UPDATE: May 10, 2020: The U.S. Food and Drug Administration on Monday authorized the use of Pfizer's COVID-19 vaccine for 12- to 15-year-olds. A Centers for Disease Control and Prevention advisory committee is now expected to review data and make recommendations for its use among that age group, The New York Times reports.
Although there are not yet emergency use approvals for COVID-19 vaccines for students younger than 16, school systems should begin to have conversations about if or how they will set protocols around vaccine requirements, advised Alana Genderson, a senior associate at Morgan Lewis law firm.
Genderson said school administrators should first become familiar with state and local policies on vaccination requirements and the rules around exemptions, as well as how they will address violations, such as prohibiting in-person learning for those who don’t comply.
Much of the focus at the K-12 level so far has not been on requiring a COVID-19 vaccination for student attendance and enrollment, but on encouraging teachers, school staff and students 16 years and older to get vaccinated. High rates of inoculated teachers and school staff have helped the expansion of in-person learning this spring, educators said.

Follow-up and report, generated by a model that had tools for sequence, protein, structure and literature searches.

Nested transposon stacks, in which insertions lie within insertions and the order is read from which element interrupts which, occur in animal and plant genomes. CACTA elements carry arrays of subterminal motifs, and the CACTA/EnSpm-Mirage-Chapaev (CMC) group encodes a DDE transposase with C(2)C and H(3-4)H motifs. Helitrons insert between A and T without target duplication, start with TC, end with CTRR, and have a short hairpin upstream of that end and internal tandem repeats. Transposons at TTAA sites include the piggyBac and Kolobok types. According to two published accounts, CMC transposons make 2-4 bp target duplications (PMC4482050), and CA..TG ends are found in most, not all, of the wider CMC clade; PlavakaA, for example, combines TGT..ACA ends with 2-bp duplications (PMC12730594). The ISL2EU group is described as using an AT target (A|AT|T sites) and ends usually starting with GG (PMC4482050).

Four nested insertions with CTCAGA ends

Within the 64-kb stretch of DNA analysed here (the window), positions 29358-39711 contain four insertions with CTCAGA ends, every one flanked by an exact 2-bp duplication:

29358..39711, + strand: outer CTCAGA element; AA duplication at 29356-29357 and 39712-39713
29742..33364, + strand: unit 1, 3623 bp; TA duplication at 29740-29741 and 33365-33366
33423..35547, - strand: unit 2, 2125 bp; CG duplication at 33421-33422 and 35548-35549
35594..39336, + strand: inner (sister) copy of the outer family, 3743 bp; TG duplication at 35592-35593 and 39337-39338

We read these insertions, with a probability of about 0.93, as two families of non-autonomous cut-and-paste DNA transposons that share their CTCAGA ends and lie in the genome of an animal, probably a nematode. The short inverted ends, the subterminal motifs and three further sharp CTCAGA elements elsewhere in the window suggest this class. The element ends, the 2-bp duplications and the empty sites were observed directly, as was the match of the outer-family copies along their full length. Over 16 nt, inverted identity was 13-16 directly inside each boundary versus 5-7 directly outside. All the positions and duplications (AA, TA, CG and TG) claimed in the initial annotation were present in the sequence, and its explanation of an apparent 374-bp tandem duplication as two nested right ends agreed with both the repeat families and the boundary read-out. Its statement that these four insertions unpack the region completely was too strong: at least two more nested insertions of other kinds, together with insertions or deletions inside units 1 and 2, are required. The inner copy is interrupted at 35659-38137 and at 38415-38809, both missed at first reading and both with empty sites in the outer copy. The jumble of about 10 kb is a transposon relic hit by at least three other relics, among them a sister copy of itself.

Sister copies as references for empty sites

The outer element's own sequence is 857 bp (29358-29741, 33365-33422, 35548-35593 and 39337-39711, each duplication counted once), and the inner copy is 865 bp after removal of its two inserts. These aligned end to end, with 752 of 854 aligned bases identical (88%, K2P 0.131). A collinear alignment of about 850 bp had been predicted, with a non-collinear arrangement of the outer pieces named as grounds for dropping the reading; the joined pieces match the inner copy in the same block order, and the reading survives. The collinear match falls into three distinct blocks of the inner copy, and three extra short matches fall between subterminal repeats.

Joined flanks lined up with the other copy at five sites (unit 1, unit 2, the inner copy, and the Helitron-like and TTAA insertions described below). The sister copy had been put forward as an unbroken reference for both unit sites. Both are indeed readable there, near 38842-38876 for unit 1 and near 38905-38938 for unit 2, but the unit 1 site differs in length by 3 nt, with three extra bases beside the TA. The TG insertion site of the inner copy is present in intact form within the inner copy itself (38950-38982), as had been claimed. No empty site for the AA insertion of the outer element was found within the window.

Laurie Combe, president of the National Association of School Nurses, said much of school nurses’ work currently is focused on vaccine education and even running or developing school-based vaccination clinics for the equitable distribution of opt-in student vaccines, provided with parental permissions, as well as vaccines for staff.
There is some vaccine hesitancy among school staff so nurses and school administrators are working with local health departments to share information about vaccine protections and other information, Combe said.
“[Schools] should not be shy about sharing educational material about COVID vaccines, and where there's a school nurse, those are usually trusted health care providers that families are familiar with,” Combe said. (May 12 is National School Nurse Day.)
She said she has not heard of any K-12 school systems considering COVID-19 vaccine requirements for students, particularly since the vaccines are under emergency use authorization and do not yet have full U.S. Food and Drug Administration approval.
The FDA is expected to give emergency use authorization for the Pfizer COVID-19 vaccine for children ages 12-15 soon, and the Biden administration has directed states to make adolescents eligible for vaccination immediately once that authorization is given.
White House Press Secretary Jen Psaki said during a May 4 press conference that the federal government would not require that students be vaccinated for COVID-19.
A poll conducted by the National Parents Union found 62% of public K-12 parents surveyed said they plan to have their children vaccinated when COVID-19 vaccines become available for their child. The survey also found 51% of parents said COVID-19 vaccinations should be required for teachers and staff; 38% said they should be required for students.